It appears to be embedded in the culture from which these politicians emerge. Go to the #Exvangelical and #EmptythePews hashtags on Twitter; you can read thousands of people who grew up in a morass of sexual abuse, assault, duplicity, and moral turpitude that the Christian right wing purports to hate and refuses to acknowledge. Michael Gerson’s recent, tormented essay in The Atlantic states that the moral convictions of these religious leaders “have become a function of their partisan identification.” He writes, “This is not mere gullibility; it is utter corruption. Blinded by political tribalism and hatred for their political opponents, these leaders can’t see how they are undermining the causes to which they once dedicated their lives.”

Only this blindness could make people with public platforms like Gary Heavin remake Donald Trump, a golden-calf-worshipping, adulterous pig — a man who calls Haiti, the country to which Heavin himself sends missions, a “shithole” — into their standard-bearer. The inevitability of failure in such an attempt can be best seen visually in conservative artist Jon McNaughton’s recent paintings figuring Trump as an American Jesus. These cringeworthy images — Trump clutching the flag to his chest, gently teaching a white male college student to fish, as Washington crossing the Delaware with his “soldiers” — John Kelly, Mike Pompeo, Mike Pence, and Melania and Ivanka and Sarah and Kellyanne all wearing camo and holding rifles — collapse into parody under the weight of their implausibility.

Donald Trump himself demonstrates the most extreme levels of this performance: he blamed Hillary for rigging the election as he rigged an election; called out the Clinton Foundation for influence-peddling while selling influence to whomever was willing to buy it; promised to “drain the swamp” of Washington, DC, while installing almost hilariously corrupt businessmen and lobbyists into positions of public stewardship.  In the aftermath of the Helsinki meeting, Trump accused Germany of being “totally controlled by Russia.” We can only imagine what that means for the United States.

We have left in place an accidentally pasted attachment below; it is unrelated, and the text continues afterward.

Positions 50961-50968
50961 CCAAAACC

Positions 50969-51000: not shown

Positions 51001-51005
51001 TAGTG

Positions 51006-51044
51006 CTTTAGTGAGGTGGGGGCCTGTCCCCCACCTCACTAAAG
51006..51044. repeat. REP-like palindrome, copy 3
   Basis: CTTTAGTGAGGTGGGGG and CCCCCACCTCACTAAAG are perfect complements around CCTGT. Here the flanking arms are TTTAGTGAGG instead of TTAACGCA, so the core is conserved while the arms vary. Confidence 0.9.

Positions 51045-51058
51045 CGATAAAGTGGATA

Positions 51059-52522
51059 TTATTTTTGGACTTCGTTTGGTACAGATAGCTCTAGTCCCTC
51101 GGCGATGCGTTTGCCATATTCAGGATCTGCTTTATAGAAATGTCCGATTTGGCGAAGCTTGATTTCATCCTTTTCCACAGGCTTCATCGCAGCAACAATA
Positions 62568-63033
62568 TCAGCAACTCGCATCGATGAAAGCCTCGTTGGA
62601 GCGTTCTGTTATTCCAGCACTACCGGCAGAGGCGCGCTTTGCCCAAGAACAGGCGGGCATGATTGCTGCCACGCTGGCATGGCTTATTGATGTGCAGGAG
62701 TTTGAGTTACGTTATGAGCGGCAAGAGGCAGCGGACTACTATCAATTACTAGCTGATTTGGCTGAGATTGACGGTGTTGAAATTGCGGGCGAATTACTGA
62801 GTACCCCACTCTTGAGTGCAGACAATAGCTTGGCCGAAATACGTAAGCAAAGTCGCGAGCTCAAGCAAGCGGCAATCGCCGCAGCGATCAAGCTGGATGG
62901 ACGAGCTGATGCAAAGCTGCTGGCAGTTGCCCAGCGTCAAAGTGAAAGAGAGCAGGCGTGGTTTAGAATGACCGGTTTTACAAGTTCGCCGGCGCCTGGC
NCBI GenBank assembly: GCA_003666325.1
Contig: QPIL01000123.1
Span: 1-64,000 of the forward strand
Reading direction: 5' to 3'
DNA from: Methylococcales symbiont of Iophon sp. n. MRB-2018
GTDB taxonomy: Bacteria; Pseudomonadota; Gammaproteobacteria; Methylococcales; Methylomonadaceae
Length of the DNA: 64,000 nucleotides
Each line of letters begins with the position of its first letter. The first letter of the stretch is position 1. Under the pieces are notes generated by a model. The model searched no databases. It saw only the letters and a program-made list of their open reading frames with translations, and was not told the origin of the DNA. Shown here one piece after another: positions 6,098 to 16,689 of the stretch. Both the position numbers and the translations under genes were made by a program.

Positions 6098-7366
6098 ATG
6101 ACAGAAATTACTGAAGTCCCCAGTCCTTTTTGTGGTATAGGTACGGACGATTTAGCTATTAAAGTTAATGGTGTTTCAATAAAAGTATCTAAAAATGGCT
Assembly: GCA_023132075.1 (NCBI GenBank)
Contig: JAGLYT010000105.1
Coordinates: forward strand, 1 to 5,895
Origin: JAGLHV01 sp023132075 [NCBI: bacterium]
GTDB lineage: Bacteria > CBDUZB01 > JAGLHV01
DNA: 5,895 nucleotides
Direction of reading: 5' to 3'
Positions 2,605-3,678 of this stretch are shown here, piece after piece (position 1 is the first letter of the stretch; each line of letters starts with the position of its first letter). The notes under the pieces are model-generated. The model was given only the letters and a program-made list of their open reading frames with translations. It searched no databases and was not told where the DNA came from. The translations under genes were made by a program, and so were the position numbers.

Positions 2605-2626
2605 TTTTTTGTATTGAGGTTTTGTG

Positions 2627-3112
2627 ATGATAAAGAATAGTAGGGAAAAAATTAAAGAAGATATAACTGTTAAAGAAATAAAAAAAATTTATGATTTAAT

AmeriGeddon calls into being what it most fears, and we are left living in it: the fantasy of a rich white man projecting himself as a hero in a crisis of his own making, shadowboxing with himself as the world burns.


Maya Gurantz is an artist in video, performance, installation and site-specific projects. Her art works and writing interrogate social imaginaries of American culture and how constructions of gender, race, class and progress operate in our shared myths, public rituals and private desires. She lives and works in Los Angeles. Her website is mayagurantz.com.

LARB Contributor

Maya Gurantz interrogates social imaginaries of American culture and how constructions of gender, race, class and progress operate in our shared myths, public rituals and private desires. Her work in video, performance, installation and social practice has been shown at the Museum of Contemporary Art Denver (solo), the Grand Central Art Center (solo), Greenleaf Gallery (solo), Pieter PASD (solo), the Museum of Contemporary Art Utah, Angels Gate Cultural Center, the Oakland Museum of California, Beaconsfield Gallery Vauxhall, Navel LA, Art Center College of Design, The Goat Farm Atlanta, The Great Wall of Oakland, High Desert Test Sites, Autonomie Gallery, and Movement Research at Judson Church. She is the recent recipient of the inaugural Pieter Performance Grant for Dancemakers. She has written for This American Life, The Frame on KPCC, The Awl, Notes on Looking,Avidly, the Los Angeles Review of Books, Acid-Free, Baumtest Quarterly, RECAPS Magazine, and an anthology, CRuDE, published by the École Nationale Supérieure d’Art, Bourges; she co-translated Be My Knife and Someone to Run With by Israeli novelist David Grossman. Maya also co-hosts culture and politics podcast The Sauce. She has a BA from Yale and an MFA in Studio Art from UC Irvine. Her website is mayagurantz.com.